BY MELODY CHIKONO
THE COVID-19 pandemic is said to have exacerbated inequalities in Zimbabwe and could cause malnutrition and food insecurity which will affect mostly women and children, a consortium of civil organisations has said.
This came out during a virtual meeting conducted by the Fight Inequality Alliance in Zimbabwe which joined other global movements this week, to discuss issues on how to deal with the concentration of power and wealth in the hands of a small elite and at the expense of the suffering masses.
Zimbabwe Coalition on Debt and Development (Zimcodd) director, Janet Zhou said poor people in the country were struggling to afford lifesaving ventilators and other necessities to combat COVID-19, as well as basic things like food, which might result in malnutrition.
“In Zimbabwe, inequalities are manifesting in many forms, which includes the disparity between private and public schools, with those from private schools continuing to learn online while those from public schools are not learning due to the COVID-19 pandemic,” Zhou said.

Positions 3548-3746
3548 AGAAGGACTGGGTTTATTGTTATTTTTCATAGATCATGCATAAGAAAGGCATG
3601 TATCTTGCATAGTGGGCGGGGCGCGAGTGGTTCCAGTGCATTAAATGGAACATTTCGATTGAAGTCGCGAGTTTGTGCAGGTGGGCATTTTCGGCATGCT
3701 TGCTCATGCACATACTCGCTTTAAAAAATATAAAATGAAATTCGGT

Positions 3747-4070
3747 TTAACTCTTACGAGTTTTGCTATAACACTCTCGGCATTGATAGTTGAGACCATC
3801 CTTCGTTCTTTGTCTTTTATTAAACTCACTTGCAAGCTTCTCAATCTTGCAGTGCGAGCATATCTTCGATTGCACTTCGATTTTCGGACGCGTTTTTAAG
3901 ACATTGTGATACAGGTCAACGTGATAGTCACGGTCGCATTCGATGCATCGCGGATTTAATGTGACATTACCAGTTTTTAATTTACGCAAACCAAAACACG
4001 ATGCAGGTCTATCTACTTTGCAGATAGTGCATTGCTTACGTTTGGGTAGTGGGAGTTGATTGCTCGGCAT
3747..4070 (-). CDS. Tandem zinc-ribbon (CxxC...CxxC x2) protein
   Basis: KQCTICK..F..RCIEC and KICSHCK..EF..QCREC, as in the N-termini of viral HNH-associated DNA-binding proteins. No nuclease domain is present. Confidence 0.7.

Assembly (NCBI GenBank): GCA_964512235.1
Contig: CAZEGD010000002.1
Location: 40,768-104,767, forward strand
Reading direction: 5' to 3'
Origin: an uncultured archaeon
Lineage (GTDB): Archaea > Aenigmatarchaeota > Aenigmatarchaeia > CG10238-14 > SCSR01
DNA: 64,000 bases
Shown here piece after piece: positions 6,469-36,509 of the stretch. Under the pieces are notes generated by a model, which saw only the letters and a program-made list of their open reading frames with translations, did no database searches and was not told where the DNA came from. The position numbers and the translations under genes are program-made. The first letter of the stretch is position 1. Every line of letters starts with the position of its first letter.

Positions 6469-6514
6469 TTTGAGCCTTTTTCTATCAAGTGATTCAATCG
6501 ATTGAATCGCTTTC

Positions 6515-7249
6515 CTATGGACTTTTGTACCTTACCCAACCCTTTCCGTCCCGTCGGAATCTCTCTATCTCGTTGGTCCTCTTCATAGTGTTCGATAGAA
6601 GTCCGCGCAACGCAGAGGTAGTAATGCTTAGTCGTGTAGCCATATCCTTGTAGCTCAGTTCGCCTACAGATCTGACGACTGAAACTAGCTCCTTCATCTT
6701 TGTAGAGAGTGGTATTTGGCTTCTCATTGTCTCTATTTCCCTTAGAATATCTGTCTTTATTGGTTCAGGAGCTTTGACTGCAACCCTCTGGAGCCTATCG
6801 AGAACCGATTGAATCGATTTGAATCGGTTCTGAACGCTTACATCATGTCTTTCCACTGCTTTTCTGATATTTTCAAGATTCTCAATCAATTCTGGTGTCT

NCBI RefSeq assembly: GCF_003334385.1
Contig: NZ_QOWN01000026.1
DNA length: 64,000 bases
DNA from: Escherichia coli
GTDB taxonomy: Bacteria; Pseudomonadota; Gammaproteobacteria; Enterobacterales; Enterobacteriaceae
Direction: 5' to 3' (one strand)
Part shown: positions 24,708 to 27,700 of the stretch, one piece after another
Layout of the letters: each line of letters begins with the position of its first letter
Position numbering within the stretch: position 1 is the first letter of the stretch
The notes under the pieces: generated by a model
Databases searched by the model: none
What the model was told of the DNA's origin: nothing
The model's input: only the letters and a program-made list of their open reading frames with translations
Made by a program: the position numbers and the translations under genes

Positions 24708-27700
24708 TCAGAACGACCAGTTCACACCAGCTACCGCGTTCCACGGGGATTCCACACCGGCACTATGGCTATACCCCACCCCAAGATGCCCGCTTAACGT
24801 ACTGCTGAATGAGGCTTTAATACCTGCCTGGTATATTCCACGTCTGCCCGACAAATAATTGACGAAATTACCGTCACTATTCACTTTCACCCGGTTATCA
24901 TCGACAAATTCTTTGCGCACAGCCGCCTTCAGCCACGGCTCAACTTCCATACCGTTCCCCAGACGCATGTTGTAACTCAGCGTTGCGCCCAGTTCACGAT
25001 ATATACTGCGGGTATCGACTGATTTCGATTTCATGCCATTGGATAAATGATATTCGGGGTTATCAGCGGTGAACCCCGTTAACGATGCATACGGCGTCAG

“Food insecurity and malnutrition in children has also become a pervasive public health concern for the country. Based on analysis of the Demographic Health Survey, the unequal distribution of household wealth and residence status plays a critical role in driving socioeconomic inequalities and worsening child food insecurity and malnutrition,” she said.
Zhou also demanded that COVID-19 vaccines should be distributed in a fair and transparent manner to avoid further debt contraction or servitude by big pharmaceutical companies.
“We demand the cancellation of all opaque external debt and loan repayments and a moratorium on legitimate public debts to free up resources to meet increased public need during the COVID-19 pandemic,” she said.
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